Tag Archives: planting garlic

The Garlic is Planted!

16 Nov

Since garlic was one of the few things we managed to grow successfully in this summer of failures, I decided we should plant more than last year.

It can be tough for little hands to get the head started in separation, but if you get them started, they can separate them.

It can be tough for little hands to get the head started in separation, but if you get them started, they can separate them.

I followed the lead of our CSA, Restoration Farm. Since they planted last Saturday (and we went to help for a little while, which refreshed our memories on how to plant) and Caroline said she follows biodynamic practices for most auspicious sowing moments, we planted a day or two later, which was about as soon as I could manage.

note that the bottom end is free of the root residue, but not cut off. Leave it intact!

note that the bottom end is free of the root residue, but not cut off. Leave it intact!

We used the tomato bed, since it is a good idea to rotate vegetables every year. If any pests or blights have made a home in the bed, when spring comes they won’t find their usual victims waiting to be destroyed. Instead, they’ll find something else that they don’t like very much and can’t harm. We’ll put the tomatoes where the peas were and where there should be a whole lot of nitrogen that they left behind.

turning the earth and smashing apart clods is happy work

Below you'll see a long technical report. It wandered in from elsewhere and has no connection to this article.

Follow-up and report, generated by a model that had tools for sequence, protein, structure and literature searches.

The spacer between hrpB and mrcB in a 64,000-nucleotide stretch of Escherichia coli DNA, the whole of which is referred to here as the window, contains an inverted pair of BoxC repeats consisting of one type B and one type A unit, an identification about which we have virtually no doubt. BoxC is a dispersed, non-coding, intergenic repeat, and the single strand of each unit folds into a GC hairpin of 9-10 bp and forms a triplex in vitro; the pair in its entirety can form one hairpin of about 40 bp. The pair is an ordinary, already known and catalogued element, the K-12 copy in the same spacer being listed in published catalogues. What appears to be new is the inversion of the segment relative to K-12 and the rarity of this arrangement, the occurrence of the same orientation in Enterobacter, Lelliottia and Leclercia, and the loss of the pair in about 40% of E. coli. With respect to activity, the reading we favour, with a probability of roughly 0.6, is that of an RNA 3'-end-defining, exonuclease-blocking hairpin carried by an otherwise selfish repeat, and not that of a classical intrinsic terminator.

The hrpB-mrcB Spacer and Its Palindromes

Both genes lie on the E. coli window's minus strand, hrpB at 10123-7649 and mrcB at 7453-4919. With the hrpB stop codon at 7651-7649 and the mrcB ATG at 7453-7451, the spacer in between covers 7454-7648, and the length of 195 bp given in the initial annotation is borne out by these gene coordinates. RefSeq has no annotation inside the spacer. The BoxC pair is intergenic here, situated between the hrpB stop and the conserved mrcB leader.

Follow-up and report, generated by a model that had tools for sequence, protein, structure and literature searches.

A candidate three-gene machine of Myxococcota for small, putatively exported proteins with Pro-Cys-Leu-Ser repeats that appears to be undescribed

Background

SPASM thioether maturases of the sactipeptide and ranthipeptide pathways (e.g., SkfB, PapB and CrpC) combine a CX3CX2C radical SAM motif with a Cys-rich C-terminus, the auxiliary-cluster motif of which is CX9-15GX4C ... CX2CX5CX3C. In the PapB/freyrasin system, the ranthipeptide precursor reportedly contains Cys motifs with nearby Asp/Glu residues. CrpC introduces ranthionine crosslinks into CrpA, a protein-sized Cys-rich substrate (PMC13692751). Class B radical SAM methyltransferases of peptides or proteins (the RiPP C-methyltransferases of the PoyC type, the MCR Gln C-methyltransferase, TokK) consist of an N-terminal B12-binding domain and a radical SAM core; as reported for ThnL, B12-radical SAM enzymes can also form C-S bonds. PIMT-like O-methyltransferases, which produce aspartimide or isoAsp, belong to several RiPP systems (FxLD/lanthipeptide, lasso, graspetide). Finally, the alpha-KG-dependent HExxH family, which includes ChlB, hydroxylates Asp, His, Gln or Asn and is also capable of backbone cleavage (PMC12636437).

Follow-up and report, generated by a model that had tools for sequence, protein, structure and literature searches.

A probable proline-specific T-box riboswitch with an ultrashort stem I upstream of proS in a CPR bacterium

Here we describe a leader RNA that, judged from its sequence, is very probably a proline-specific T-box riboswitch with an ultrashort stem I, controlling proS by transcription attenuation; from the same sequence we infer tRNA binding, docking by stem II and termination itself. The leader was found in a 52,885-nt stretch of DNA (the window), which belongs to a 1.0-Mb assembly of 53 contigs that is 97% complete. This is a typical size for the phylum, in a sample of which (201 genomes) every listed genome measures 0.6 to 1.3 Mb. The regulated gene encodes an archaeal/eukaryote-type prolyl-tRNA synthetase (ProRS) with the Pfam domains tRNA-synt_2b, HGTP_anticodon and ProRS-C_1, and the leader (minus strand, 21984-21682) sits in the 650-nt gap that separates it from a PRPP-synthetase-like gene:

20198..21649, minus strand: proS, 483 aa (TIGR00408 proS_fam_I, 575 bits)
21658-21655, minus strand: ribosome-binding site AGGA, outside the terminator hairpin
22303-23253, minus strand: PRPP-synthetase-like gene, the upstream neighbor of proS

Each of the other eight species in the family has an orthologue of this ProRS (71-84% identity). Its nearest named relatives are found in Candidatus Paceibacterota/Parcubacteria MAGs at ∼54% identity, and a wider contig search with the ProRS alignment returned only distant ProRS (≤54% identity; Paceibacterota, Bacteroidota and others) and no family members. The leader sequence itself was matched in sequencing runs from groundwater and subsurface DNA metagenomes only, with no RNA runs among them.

turning the earth and smashing apart clods is happy work

The bed is about 10′ by 3′. Farmer Dan suggested we plant the garlic every 9 inches in rows 1 foot apart, which meant we could stretch a measuring tape across and Leandro could learn a lot about the 9 times tables. So we turned the dirt, outlined three rows and made holes every nine inches (How many cloves do you think we planted?). We separated the heads into cloves, being careful to leave the cloves tightly wrapped in their papery husks so they don’t rot before they have a chance to overwinter and start sprouting in the spring.

An impromptu math lesson with a measuring tape and the nine times tables

An impromptu math lesson with a measuring tape and the nine times tables

You stick them in, root end down and pointy bit up, cover and, if necessary, water. Then you play football in the backyard until the sun gets too far down in the sky and it gets cold.

And the answer to how many is: 30 cloves, each of which we hope will result in a new delicious head of 4 to 10 cloves next summer. And in the meantime, we can just forget them!

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